I wonder how many of us are still with our first love.  I would be willing to bet that those of us who aren’t can remember the friend who pulled us through the heartache of the breakup.

But what about when it feels like one of your friends has broken your heart?

For me, friendship is one of the single most beautiful things in life.  My friends are my world; I am naturally a rather cynical being, but my friends are the one area of my life that I have no boundaries with.  I trust that they love me, and I love them unconditionally.

Some of the heart-wrenching moments of my life have come when there has been any sort of altercation with these people, and I am (still) devastated to say there have been a couple with whom reconciliation hasn’t been achieved.


When this happened I felt the same aching, longing and general disbelief that I’d associated with the end of a romantic relationship. The thing that further twisted the knife was that these were not the people who were meant to make me feel like this.  These were the people who I had believed would undoubtedly be with in 60 years time, recalling stories of our past and still laughing so much we ached.

When you lose a friendship, it’s a strange dimension of pain.  It is not something that we can prepare for, and I believe it can be trickier to navigate through than with than a “traditional” breakup.  After all, there aren’t stereotypical coping mechanisms associated with friendship breakups; there aren’t the mandatory hours allocated to eating whole tubs of Ben & Jerry’s while watching Thelma & Louise,  or the encouragement to “get a new haircut,” “overhaul your wardrobe,” or ” go on holiday with the girls”.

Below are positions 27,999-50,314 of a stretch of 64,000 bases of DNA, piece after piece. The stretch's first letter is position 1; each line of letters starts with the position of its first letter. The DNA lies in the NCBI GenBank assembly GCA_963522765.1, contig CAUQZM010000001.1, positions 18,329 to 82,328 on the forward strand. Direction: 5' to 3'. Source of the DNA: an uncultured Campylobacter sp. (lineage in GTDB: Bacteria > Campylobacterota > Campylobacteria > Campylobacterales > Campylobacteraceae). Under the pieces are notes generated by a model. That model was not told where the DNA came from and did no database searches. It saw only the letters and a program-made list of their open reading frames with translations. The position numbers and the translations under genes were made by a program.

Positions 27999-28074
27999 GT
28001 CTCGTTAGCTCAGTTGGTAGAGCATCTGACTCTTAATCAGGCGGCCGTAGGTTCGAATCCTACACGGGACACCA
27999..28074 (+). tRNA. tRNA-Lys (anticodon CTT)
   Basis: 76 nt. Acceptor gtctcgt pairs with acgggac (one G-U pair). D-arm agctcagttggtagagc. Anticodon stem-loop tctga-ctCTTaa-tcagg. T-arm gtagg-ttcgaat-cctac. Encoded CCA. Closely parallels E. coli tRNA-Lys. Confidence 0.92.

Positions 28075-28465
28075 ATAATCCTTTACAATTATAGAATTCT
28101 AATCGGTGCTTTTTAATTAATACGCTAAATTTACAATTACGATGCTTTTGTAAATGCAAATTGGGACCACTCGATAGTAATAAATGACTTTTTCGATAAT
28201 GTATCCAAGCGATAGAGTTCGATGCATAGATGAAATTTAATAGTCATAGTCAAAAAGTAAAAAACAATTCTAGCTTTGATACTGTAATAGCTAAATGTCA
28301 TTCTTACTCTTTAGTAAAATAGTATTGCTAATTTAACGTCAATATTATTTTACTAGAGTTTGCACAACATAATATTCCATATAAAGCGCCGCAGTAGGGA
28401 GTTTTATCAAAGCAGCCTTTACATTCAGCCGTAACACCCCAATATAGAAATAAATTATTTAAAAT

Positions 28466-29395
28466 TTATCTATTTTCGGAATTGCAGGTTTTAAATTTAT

I’d be lying if I said that I didn’t still ache for certain people; however my saying how much I (still) love them isn’t going to help anyone out. Instead, I wanted to share a few things that I learned as I worked through my heartbreak.

  • Be true to yourself. Did you screw up? If yes, apologize. If no, step back and think about that again – could you have screwed up in their eyes?
  • Be true to them. Trust them. They are not you, and they need to be accountable for their own feelings and actions. You cannot change their minds and you cannot control their actions, all you can do is make sure your feelings are clear, and then step back.
  • Spend the spare time you suddenly have (as, lets face it, a lot of daily whatsapp messages and a weekly phone call can add up!) investing in yourself.  Grab that book you kept meaning to read, practice that hobby you’ve been putting off until ‘tomorrow.’
  • Do not, under any circumstances, enter into bitching or point scoring. You are hurting because you love them – be sure to respect that fact and don’t mar it by lashing out.
  • As an extension of the above, don’t use social media as a channel of passive aggressive action.  Once again, “unfriending” people, blocking people, “unfollowing” people and petty comments are not cool.  They are simply detrimental to the memories you share, and to your own classiness.
  • Perhaps more importantly, the above also really dents the opportunity for a possible reconciliation.  It would be horrendous to realize that some love and friendship could have been salvaged, had you not made them out to be the devil to all who would listen.

Friendships, like other relationships, can have bumps in the road. What really counts is how you deal with them.  Question the bumps, grieve if needed, and then take a step forward.

There is always the chance people will come back into your life when you are both ready, but even if they don’t, you can still be thankful for all the good times.

Also, remember that we only hurt when we lose something we truly loved.

This post originally appeared on BuBakes, here

liz-foxLiz Fox is the creator and baker behind BuBakes, a cake-decorating business based in Chelmsford, Essex in the U.K. BuBakes was founded in 2014 after Liz was diagnosed with anxiety and she has gone on to use her platform to advocate for mental health awareness.

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